n = CnkBT ln[l + exp(EF/kBT)], p = CpkBT ln{l + exp[(A - EF)/kBT]}, (19.36)

where Cn and Cp are fitting parameters and A is the band overlap. The results of this fit are shown as a solid curve in Fig. 19.41, yielding a band

TEMPERATURE [K]

Fig. 19.41. Electrical resistance R as a function of temperature at the indicated magnetic fields for a single bundle of carbon nanotubes covering a range of tubule diameters and chiral angles. The two vertical lines separate the three temperature regimes: (I) showing that R(T,H) for a tubule bundle is consistent with a two-band model for a semimetal; (II) showing saturation effects in R(T,H); and (III) showing anomalous low-T behavior in R(T,H). The continuous curve is a fit using the two-band model for graphite with a band overlap energy of A = 3.7 meV and a Fermi level in the middle of the band overlap. The inset shows a schematic representation of the geometry of the sample and its electrical contacts (not to scale). The carbon nanotube bundle is electrically connected at both ends to two predefined gold pads [19.121].

TEMPERATURE [K]

Fig. 19.41. Electrical resistance R as a function of temperature at the indicated magnetic fields for a single bundle of carbon nanotubes covering a range of tubule diameters and chiral angles. The two vertical lines separate the three temperature regimes: (I) showing that R(T,H) for a tubule bundle is consistent with a two-band model for a semimetal; (II) showing saturation effects in R(T,H); and (III) showing anomalous low-T behavior in R(T,H). The continuous curve is a fit using the two-band model for graphite with a band overlap energy of A = 3.7 meV and a Fermi level in the middle of the band overlap. The inset shows a schematic representation of the geometry of the sample and its electrical contacts (not to scale). The carbon nanotube bundle is electrically connected at both ends to two predefined gold pads [19.121].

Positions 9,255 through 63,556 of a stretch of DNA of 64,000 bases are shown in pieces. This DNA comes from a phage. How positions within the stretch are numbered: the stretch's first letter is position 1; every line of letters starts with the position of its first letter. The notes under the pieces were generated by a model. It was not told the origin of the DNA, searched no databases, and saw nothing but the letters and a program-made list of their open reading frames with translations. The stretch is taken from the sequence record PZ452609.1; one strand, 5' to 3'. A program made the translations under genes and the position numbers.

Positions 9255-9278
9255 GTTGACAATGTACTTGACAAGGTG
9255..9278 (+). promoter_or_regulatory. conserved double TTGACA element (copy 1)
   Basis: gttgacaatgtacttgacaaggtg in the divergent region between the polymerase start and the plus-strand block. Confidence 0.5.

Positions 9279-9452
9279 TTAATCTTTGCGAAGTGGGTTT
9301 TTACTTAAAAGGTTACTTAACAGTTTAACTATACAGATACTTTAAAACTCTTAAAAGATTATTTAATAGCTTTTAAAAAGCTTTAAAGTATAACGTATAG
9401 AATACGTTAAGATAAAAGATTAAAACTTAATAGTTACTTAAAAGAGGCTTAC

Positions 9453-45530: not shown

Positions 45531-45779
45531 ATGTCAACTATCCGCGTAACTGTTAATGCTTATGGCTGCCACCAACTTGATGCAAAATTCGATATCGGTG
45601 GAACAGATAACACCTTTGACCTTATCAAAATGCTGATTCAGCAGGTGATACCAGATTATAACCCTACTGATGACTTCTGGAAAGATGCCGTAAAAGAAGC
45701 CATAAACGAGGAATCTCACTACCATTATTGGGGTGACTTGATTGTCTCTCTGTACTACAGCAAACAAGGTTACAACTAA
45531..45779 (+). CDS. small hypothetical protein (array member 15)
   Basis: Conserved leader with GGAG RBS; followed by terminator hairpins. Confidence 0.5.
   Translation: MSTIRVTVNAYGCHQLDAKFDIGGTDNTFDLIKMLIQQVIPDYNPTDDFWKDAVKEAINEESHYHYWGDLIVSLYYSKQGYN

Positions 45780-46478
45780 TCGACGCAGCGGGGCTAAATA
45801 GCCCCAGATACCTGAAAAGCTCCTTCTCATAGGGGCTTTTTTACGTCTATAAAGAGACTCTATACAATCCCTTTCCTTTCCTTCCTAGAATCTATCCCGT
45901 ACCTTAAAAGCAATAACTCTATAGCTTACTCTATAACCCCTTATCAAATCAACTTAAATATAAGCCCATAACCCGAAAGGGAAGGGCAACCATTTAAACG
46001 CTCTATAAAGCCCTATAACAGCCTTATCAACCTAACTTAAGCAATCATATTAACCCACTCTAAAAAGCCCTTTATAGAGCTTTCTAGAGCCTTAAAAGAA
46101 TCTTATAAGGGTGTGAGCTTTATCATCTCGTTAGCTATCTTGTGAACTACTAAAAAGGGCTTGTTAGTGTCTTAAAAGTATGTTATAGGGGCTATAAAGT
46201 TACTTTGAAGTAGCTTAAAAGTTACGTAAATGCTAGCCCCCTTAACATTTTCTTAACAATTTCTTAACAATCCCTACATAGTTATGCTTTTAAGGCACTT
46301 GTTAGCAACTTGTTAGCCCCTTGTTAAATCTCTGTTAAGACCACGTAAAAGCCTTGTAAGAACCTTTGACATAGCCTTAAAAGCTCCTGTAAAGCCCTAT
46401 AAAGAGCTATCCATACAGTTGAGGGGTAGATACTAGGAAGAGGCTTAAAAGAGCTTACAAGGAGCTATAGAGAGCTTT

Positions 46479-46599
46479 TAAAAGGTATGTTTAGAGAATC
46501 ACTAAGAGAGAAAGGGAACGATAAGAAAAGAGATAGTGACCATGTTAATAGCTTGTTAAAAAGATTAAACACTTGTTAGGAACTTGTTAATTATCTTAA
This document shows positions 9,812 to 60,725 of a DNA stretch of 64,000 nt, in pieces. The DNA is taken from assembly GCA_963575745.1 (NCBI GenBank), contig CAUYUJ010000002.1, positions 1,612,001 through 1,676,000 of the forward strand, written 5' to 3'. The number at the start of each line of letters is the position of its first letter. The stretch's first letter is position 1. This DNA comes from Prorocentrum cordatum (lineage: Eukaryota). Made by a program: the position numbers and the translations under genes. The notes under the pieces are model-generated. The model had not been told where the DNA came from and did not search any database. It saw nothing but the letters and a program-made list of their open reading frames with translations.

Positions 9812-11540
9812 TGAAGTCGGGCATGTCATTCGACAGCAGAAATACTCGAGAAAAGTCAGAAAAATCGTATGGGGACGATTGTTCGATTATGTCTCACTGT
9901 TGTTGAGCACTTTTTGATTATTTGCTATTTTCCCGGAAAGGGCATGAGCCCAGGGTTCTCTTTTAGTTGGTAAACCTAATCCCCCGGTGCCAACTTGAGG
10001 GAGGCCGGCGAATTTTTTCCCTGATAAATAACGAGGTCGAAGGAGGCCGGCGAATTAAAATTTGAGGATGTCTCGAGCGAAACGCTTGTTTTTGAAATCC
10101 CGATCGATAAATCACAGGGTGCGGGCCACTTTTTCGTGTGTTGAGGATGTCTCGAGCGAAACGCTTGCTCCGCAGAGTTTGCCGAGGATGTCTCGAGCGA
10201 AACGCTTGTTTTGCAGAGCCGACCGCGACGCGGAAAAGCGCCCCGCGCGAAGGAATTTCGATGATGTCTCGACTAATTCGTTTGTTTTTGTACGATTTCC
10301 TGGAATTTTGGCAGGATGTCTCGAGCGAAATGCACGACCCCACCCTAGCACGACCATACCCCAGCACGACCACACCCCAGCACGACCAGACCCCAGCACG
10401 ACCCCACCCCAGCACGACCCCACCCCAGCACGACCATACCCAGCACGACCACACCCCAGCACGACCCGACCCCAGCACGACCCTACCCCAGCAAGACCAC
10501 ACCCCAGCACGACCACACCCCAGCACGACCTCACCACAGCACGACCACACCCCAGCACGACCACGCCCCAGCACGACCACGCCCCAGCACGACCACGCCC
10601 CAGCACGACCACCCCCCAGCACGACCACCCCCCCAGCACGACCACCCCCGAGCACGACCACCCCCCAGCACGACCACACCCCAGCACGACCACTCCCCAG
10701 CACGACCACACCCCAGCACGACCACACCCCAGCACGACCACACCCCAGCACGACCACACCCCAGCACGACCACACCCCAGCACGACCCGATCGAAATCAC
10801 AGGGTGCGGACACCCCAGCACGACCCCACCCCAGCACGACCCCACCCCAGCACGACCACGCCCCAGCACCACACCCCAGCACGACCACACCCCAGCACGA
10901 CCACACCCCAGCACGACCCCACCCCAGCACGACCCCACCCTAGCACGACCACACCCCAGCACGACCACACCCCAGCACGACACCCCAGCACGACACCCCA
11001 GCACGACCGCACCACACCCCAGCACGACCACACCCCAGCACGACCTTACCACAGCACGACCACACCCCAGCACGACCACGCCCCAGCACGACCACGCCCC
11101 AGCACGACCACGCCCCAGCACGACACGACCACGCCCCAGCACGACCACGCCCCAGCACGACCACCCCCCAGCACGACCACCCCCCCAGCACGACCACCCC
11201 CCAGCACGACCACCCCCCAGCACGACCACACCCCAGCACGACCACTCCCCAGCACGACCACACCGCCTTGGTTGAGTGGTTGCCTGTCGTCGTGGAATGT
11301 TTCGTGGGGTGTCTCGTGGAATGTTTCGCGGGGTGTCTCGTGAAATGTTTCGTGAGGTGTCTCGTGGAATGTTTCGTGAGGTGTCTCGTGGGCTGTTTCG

overlap of A = 3.7 meV, in contrast to R(T) for 3D graphite, which corresponds to a band overlap of A = 40 meV [19.130]. A smaller value of A for the tubules is expected, since the turbostratic stacking of the adjacent layers within a multiwall tubule greatly reduces the interlayer C-C interaction relative to graphite. Since this interlayer interaction is responsible for the band overlap in graphite, the carrier density for the nanotubes in the limit of low-temperature (T 0) is expected to be smaller by an order of magnitude than to that of graphite. Since the resistance measurement emphasizes the contribution of the metallic tubules in an ensemble of metallic and semiconducting tubules, this experiment provides very strong evidence for the presence of metallic tubules. The presence of metallic tubules is confirmed by numerical estimates of the magnitude of the room temperature resistance, assuming that one third of the layers of a multiwall tubule are metallic [19.121]. The corresponding resistivity value of 10~2 to 10"3 ÎÎ-cm was calculated from the data in Fig. 19.41, in rough agreement with the best conductivity of ~100 S-cm reported for bulk arc deposited carbon material (containing about two thirds nanotubes and one third nanoparti-cles) [19.2], and with independent estimates of the resistivity of the black core material from the arc deposit of 10~2 il-cm [19.2], Preliminary resistivity measurements using four current-voltage probes on a single nanotube 20 nm in diameter show a decrease in room temperature resistivity by an order of magnitude (to 10"4 ft-cm) relative to a microbundle of carbon nanotubes 50 nm in diameter [19.133]. Although resistivity measurements are sensitive to the transport properties of the conducting nanotubes, such measurements provide little information about the semiconducting tubules, which hardly contribute to the resistivity measurements.